Stop-motion animator Michael Cranberry positions and photographs superhero toys in The Making of the RCDC Special. Seth Green, Geoff Johns, and Matthew Senreich comment upon their Robot Chicken DC Comics Special in the short videos via the poorly-designed "Chicken Nuggets."

BONUS FEATURES, MENUS, PACKAGING and DESIGN

Recognizing that a 23-minute special might be a hard sell on its own, the Blu-ray packs on the bonus features, assembling over two hours of visual and aural supplementation, the former of which are all presented in HD.

The extras begin with "The Making of the RCDC Special" (10:15), which takes us behind the scenes, revealing it was written as quickly as you suspect (a couple of weeks) and then covering the elements that went into creation,

from recording famous actors to the modification of figures, construction of sets, and the painstaking photography.

"RCDC's Aquaman Origin Story" (1:27) finds the writers disputing whose idea it was to make Aquaman the hero of the special.

Next up come three ways to enhance playback of the special, none of which can be combined. "Chicken Nuggets" lets you leave the special for short clips of scene-specific video commentary from "Robot Chicken" creators Seth Green and Matthew Senreich and DC chief creative officer Geoff Johns (comic book writer Robert Kirkman joins them three-quarters of the way in). Far from an ideal presentation, this would have been much more easily digested as a picture-in-picture track instead of asking you to press enter every few seconds when the Robot Chicken logo appears, leave, and return.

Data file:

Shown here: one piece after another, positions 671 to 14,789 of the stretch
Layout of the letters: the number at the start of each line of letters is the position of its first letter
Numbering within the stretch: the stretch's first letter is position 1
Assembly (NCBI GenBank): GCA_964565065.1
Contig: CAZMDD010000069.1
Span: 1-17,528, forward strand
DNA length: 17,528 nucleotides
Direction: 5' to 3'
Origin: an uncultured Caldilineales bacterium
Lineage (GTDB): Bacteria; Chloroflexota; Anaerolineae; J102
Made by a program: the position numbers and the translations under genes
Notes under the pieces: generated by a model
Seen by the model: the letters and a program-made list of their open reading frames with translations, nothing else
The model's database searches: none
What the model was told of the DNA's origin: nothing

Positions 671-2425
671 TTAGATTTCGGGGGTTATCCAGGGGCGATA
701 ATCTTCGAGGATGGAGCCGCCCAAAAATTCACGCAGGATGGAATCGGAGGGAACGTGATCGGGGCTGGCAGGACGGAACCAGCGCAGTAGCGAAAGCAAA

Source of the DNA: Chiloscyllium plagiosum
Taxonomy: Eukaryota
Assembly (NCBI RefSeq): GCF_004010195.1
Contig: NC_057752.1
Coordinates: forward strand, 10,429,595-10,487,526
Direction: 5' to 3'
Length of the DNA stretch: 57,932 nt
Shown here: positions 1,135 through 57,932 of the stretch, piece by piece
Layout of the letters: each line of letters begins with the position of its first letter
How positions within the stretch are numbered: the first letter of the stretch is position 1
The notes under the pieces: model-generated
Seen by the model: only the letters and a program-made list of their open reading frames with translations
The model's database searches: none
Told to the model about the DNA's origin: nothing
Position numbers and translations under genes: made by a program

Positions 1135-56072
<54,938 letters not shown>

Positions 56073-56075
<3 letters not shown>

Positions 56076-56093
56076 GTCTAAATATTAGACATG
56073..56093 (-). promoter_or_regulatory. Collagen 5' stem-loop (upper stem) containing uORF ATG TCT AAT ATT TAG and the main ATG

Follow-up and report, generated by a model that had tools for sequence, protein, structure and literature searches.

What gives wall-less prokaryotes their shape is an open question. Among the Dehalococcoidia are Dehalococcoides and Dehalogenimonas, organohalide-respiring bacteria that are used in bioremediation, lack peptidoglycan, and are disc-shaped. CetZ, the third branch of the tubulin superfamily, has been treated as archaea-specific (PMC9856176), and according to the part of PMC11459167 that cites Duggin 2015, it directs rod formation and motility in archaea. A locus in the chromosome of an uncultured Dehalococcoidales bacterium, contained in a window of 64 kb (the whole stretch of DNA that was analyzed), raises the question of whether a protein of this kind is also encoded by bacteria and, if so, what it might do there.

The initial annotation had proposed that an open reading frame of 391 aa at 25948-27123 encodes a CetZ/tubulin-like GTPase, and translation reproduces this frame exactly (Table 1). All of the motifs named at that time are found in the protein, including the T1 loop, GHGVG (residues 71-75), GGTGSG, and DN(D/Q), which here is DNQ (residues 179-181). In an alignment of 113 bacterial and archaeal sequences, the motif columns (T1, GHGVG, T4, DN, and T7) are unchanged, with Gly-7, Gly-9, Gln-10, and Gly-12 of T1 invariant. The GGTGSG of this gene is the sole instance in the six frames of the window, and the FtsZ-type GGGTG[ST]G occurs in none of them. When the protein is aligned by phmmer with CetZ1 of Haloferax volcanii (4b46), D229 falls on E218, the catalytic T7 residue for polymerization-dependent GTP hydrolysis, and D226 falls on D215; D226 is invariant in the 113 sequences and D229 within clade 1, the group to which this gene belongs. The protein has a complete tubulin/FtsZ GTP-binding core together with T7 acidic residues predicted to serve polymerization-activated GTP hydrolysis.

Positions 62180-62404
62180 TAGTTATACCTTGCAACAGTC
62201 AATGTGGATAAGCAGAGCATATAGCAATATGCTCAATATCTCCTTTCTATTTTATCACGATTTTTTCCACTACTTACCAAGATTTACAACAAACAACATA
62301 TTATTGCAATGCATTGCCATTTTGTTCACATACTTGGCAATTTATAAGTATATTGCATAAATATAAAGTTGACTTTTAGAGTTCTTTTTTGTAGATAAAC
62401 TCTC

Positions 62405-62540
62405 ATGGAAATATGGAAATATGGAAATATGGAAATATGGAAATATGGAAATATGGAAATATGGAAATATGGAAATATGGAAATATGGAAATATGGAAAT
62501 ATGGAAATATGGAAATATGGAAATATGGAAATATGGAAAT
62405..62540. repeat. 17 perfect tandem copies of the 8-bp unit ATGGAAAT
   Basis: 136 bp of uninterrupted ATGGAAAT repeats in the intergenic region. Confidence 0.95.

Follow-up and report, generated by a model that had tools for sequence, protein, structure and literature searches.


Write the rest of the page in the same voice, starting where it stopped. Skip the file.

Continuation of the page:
The first audio commentary features writers Geoff Johns, Tom Root, Zeb Wells, Mike Fasolo, Matt Beans, and Kevin Shinick. The laughs flow as they credit one another for gags, elaborate on the jokes, marvel at the voice cast, point out the subtle details, and reflect on cut bits and other revisions made along the way.

The actors' commentary features Abraham Benrubi, Alfred Molina, Seth Green, Matthew Senreich, and Tom Root. They talk about their experiences with comic books, their collections, and their high school shaving difficulties. Green provides a creator's perspective regarding characters' appearances, Molina reflects on playing Doctor Octopus in Spider-Man 2, and there's general commenting on the jokes and ideas as they surface. Neither track is a must-hear, but each gives some insight into the makers' mindset.

Geoff Johns and Seth Green raid and admire the wealth of toys they encounter on their "DC Entertainment Tour." In "Stoopid Alter Egos", Robot Chicken crew members don DC Comics superhero costumes on Hollywood Boulevard to promote their work.

"DC Entertainment Tour" (7:16) offers a candid look at an evidently cool workplace, as Green, Senreich, and Johns explore DC's toy graveyard, video game testing area, product room (which they raid), and comic book archives. This piece illustrates the series has ample reason to make a special about any entertainment giant with a sense of humor.